The entire cast was inspiring in light of the talent each possessed. My favorites were Kerry Gotschall, who was particularly strong as Elizabeth Adams, a role intended to encompass the two wives named Elizabeth that Sam Adams married. Colette Boudreaux tenderly played Molly Pitcher, who may not have been a real person but instead a composite image inspired by the actions of a number of women who carried water to men on the battlefield and who, occasionally, may have picked up a musket themselves. In this opera, Molly Pitcher is smitten with Captain James Scott, a smuggler charismatically portrayed by Scott Joiner. Ms. Boudreaux and Mr. Joiner sing a memorable duet together entitled Smuggling Men Can Be So Fine. Finally, Charles Armstrong did an amazingly good job portraying the very pressured Richard Clarke, consignee of the tea that was thrown into Boston Harbor. I am told his background lies in musical theater instead of opera but his presence on stage caught my eye because he gave complexity and depth to the historical character he played.

Matthew Zachary Johnson has said The Boston Tea Party Opera straddles the line between opera and musical theater. He has said he feels future productions will more likely be staged in an off-Broadway setting than in Opera Houses throughout the world. That may very well happen since this show should be able to obtain pro-liberty investors and has a core group of potential patriotic audience members eager to be supportive of the underlying message of the show. For me, however, The Boston Tea Party Opera doesn't work well in its current form as either opera or musical theater. The audience members I spoke to during intermission and after the show were not at all pleased with the production and shared with me criticisms and opinions with which I was in agreement. Having actors playing dual roles was confusing. The sets don't need to be elaborate but the show certainly needs more than a British flag, a desk, two milk cartons and some blue and red ribbons. The costumes need to be all colonial or all modern. I would favor all colonial but I would keep the British authority figures in their S.W.A.T. gear to make the point that the challenges faced by our colonial ancestors are universal in all times and countries.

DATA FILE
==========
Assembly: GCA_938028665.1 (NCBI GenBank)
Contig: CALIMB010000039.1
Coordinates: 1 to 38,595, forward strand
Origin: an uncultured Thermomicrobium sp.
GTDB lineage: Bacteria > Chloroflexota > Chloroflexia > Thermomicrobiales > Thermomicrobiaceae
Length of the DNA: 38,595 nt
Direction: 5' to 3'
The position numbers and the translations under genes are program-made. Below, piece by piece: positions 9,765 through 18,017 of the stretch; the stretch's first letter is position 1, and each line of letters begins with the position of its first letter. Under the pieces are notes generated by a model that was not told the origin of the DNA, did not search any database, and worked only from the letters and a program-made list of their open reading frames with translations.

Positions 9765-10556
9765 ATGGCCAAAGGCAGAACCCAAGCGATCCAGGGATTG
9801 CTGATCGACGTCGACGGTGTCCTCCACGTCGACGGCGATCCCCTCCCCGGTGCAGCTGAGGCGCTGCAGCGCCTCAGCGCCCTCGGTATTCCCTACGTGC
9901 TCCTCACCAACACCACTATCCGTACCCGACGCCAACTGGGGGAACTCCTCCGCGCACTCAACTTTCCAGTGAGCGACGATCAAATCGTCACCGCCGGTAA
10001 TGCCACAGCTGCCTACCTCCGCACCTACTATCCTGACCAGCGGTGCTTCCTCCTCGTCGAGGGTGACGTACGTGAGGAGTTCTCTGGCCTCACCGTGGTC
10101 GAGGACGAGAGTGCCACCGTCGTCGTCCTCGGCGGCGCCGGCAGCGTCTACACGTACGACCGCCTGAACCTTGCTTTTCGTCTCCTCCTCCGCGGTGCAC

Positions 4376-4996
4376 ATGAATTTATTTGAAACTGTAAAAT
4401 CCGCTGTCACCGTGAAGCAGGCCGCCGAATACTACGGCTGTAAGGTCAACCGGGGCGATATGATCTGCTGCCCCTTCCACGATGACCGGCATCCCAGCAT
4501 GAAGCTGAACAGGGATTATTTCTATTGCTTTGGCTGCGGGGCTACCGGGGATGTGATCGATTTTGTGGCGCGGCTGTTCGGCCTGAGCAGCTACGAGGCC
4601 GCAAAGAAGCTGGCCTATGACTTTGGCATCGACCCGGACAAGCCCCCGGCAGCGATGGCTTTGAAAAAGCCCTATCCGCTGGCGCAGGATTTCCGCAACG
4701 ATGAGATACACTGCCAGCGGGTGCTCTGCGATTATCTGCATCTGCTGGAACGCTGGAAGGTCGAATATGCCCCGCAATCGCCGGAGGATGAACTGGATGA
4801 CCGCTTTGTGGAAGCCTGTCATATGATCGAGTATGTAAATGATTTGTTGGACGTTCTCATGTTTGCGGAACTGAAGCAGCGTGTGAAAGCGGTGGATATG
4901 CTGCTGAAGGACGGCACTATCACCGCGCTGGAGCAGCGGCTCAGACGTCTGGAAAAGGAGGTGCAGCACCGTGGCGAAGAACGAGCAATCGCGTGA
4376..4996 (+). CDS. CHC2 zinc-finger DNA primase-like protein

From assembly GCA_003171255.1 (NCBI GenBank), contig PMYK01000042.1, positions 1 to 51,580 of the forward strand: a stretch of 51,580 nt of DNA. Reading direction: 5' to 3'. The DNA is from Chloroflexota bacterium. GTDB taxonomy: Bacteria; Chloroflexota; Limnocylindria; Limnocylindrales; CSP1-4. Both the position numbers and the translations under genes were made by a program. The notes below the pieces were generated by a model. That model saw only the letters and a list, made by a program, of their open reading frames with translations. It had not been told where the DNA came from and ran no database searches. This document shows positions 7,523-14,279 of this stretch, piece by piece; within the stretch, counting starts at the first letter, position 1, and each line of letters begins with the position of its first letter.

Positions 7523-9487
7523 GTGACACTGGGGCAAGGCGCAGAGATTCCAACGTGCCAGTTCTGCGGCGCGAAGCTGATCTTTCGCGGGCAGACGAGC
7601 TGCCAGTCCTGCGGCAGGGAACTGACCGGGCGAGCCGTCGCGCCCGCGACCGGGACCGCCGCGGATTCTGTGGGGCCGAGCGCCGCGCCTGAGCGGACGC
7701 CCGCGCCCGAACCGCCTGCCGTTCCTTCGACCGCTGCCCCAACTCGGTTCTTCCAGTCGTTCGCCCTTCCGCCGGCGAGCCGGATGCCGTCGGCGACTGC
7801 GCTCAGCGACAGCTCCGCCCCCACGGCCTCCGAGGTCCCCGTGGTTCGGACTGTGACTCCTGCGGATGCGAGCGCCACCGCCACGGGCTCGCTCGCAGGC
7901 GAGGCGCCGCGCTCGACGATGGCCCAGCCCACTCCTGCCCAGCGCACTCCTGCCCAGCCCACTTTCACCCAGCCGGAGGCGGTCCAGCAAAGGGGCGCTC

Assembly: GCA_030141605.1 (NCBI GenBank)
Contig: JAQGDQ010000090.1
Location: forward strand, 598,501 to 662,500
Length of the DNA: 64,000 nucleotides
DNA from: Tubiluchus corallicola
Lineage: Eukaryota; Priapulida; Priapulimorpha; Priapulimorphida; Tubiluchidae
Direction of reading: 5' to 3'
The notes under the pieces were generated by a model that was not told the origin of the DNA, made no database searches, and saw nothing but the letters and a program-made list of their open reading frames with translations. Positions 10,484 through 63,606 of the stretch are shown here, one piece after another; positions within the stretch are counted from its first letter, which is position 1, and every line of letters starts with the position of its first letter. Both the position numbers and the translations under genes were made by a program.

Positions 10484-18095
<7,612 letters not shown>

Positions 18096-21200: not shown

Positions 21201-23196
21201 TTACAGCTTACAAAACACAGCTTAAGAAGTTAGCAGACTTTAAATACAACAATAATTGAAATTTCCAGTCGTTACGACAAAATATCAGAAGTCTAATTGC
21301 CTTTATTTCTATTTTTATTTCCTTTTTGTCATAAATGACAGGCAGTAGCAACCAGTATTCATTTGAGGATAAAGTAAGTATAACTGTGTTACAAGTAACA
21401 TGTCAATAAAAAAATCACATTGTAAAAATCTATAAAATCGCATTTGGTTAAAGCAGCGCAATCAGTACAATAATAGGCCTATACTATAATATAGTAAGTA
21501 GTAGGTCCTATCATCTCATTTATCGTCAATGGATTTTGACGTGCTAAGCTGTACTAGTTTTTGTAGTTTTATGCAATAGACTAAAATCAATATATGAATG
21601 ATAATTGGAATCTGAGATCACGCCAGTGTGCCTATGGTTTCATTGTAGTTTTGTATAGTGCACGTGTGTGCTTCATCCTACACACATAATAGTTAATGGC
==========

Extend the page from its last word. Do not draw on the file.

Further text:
I think the show needs to be re-imagined as Boston Tea Party: The Musical, a non-operatic piece of musical theater produced with a book or distinct vignettes. The opera singers need to go and the show needs a director to pull things together more tightly. The length of the production is not the issue. It can be two hours or three and a half hours as long as it's good. Only in this new format can the quality of the writing and composing be best evaluated. The underlying story is worth telling and I commend Matthew Zachary Johnson for attempting to tell it. The show portrays a part of history with relevance to the citizens of our country and suggests we need to be on guard against a government not fully respectful of our individual rights and liberties. That's a message everyone needs to hear.